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WAR OF THE WORLDS
02 Arena, London, 22 December 2007
Like many a child of the 70s, I had been brainwashed by my dad with Jeff Wayne's epic concept album based on HG Wells' classic SF novel. It was in the car, on the hi-fi and even came with a book with terrific illustrations of Martians in giant walking machines blowing the living crap out of everything in sight.
When you're 10 years old, there's nothing cooler ... but then so were those Doug McClure movies where he wrestled with men in rubber dinosaur costumes, and my great fear as I took my seat for the show at the O2 was that, well... time may have not been kind and it might be a bit rubbish.
It didn't start well with a completely superfluous CGI sequence of Martians discussing just why they should invade Earth... aargh! No! Wrong! The reason Wells' Martians are so terrifying is that their motives are ambiguous. They are relentless killers - unstoppable and mysterious. This opening was a like a scene from the bad old days of Doctor Who, but then Jeff Wayne is a man for whom the phrase 'less is more' holds no meaning.
But the show got back on track as Richard Burton appeared in all his holographic glory - looking like the better-educated cousin of Max Headroom, his assured voice rang out throughout the arena and the 46-piece ULLAdubULLA strings kicked off with the familiar 'Dum-Dum-Dummmm!' and I was transported back to my childhood, sitting by the hifi with those oversized headphones and flicking through that book of Martian mayhem.
The music for the evening was faultless; the strings were superb and the 10-piece Black Smoke band were note-perfect. To Wayne's credit, he has assembled a cracking line-up including legends like guitarist Chris Spedding, bassist Herbie Flowers (looking alarmingly like Victor Meldrew in his flat cap) who both played on the original album and recreated their parts on the night with aplomb.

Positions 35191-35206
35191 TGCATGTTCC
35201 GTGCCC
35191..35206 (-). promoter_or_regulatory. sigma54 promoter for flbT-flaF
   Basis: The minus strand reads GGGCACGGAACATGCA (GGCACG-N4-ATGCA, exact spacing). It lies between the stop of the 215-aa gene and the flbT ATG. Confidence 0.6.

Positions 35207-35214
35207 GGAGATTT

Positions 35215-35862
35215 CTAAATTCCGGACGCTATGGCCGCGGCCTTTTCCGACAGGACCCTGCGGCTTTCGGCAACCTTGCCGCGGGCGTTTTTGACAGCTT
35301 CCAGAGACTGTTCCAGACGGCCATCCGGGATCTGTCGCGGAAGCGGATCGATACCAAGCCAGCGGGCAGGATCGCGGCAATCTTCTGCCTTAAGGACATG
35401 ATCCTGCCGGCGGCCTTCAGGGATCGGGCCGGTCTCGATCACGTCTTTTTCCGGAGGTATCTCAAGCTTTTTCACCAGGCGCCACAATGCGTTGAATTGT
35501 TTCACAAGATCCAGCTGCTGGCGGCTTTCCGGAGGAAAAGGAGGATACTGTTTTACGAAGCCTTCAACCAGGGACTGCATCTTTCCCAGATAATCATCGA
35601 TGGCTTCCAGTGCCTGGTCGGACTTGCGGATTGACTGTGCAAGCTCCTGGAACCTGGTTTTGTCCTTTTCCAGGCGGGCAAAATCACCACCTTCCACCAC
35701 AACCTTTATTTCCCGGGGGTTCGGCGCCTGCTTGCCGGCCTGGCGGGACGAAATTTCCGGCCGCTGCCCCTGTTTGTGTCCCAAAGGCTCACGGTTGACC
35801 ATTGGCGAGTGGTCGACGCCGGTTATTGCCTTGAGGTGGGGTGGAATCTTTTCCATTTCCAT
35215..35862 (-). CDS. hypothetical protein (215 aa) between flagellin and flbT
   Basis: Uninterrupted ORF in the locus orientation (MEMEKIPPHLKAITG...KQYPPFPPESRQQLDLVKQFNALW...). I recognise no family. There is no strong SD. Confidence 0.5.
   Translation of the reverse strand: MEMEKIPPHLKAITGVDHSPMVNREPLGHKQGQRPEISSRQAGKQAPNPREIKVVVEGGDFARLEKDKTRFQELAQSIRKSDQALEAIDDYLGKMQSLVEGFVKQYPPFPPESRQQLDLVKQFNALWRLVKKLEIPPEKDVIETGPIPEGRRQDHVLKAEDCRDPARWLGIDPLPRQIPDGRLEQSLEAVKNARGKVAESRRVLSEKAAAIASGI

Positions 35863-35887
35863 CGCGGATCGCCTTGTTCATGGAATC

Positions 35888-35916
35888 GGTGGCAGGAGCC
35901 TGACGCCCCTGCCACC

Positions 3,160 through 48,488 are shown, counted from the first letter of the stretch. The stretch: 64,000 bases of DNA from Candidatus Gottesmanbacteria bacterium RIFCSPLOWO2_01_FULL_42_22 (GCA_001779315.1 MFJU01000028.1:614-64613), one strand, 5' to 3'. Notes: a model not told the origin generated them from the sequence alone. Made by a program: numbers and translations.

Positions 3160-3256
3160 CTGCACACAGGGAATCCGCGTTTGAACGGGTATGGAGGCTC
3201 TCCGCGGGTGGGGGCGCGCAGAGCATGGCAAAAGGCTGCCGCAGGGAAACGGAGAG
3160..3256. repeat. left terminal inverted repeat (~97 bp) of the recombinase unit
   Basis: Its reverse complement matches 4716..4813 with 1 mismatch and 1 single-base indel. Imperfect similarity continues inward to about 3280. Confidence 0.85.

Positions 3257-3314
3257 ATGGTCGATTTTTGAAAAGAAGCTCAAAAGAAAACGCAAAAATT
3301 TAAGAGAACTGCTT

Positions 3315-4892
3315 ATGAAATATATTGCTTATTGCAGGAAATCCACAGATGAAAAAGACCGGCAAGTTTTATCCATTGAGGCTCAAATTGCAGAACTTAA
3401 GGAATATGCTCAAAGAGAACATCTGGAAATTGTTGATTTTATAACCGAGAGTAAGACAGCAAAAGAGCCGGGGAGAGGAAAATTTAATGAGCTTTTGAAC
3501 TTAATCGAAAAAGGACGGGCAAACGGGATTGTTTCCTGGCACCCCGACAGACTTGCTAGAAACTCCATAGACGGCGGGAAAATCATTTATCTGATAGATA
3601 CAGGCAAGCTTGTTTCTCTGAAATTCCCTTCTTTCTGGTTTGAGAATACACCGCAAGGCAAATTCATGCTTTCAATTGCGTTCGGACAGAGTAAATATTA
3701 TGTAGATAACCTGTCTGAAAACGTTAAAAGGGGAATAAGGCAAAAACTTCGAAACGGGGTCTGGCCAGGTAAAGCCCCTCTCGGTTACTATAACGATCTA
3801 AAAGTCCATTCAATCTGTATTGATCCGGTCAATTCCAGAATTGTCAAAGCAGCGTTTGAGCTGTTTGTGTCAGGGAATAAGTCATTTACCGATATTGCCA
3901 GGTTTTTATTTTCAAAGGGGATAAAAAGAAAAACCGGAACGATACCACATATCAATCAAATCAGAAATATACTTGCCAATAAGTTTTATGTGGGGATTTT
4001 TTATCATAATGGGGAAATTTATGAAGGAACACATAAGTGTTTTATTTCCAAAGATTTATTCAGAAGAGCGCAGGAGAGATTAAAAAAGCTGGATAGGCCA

They were soon joined by the Moody Blues' Justin Hayward whose voice was the un-doubted highlight of the whole show recreating his part of the clumsily-named 'The sung thoughts of the journalist'. Manfred Mann's Chris Thompson was another singer from the album making his return, and his rendition of 'Thunder Child' actually made the hairs stand up on the back of my neck (and yes, he can still reach those high notes!). It was a shame that no one was able to twist David Essex's arm into getting him to appear, but Alexis James (Les Miserables) was a more than capable replacement, singing with tons of energy.
The low point for me was the 'Spirit of Man' scene with the Parson Nathaniel and his wife Beth. This was always a bit cringe-worthy on the album, but at least you had Phil Lynott belting it out and Phil was cooler than a polar bear on ice. Here we had former lead singer of Asia, John Payne, looking like Ricky Gervais wearing make-up straight from the 'Us-borne My First Book Of Stage Make-Up' (it was really, really, really terrible) and hamming it up like a panto dame. And here is the major problem with the show; it can't decide if it's a straight rock show or a West End musical and tries to do both.
Justin Hayward showed how it should be done; singing straight to the audience and letting the enormous visuals behind him tell the story. Poor Payne - who I'm sure was only doing as he was directed - ended up thrashing about on the floor like someone having a fit while jabbing his cross in the air, presumably inspired by Max Von Sydow in 'The Exorcist'. Sinead Quinn had the unenviable task of stepping into Julie Covington's shoes, but she did a great job, not only of singing but also of keeping a straight face while Payne hammed it up.
The visuals behind the band were impressive enough, but the CGI is looking dated already and some of the sequences became repetitive. The Martian tripod is terrific, even if it doesn't do very much apart from add a sense of scale to the proceedings.
But I'm being picky - the music is king and brilliantly executed by a top band who barely stop for the entire running time (the drummer must have biceps like cannonballs). The O2 was packed and there's no doubt that the show will tour again. If you were a fan of the original, go see it... the future belongs to the Martians!
Review and photos by Mark Stay
Jeff Wayne interview
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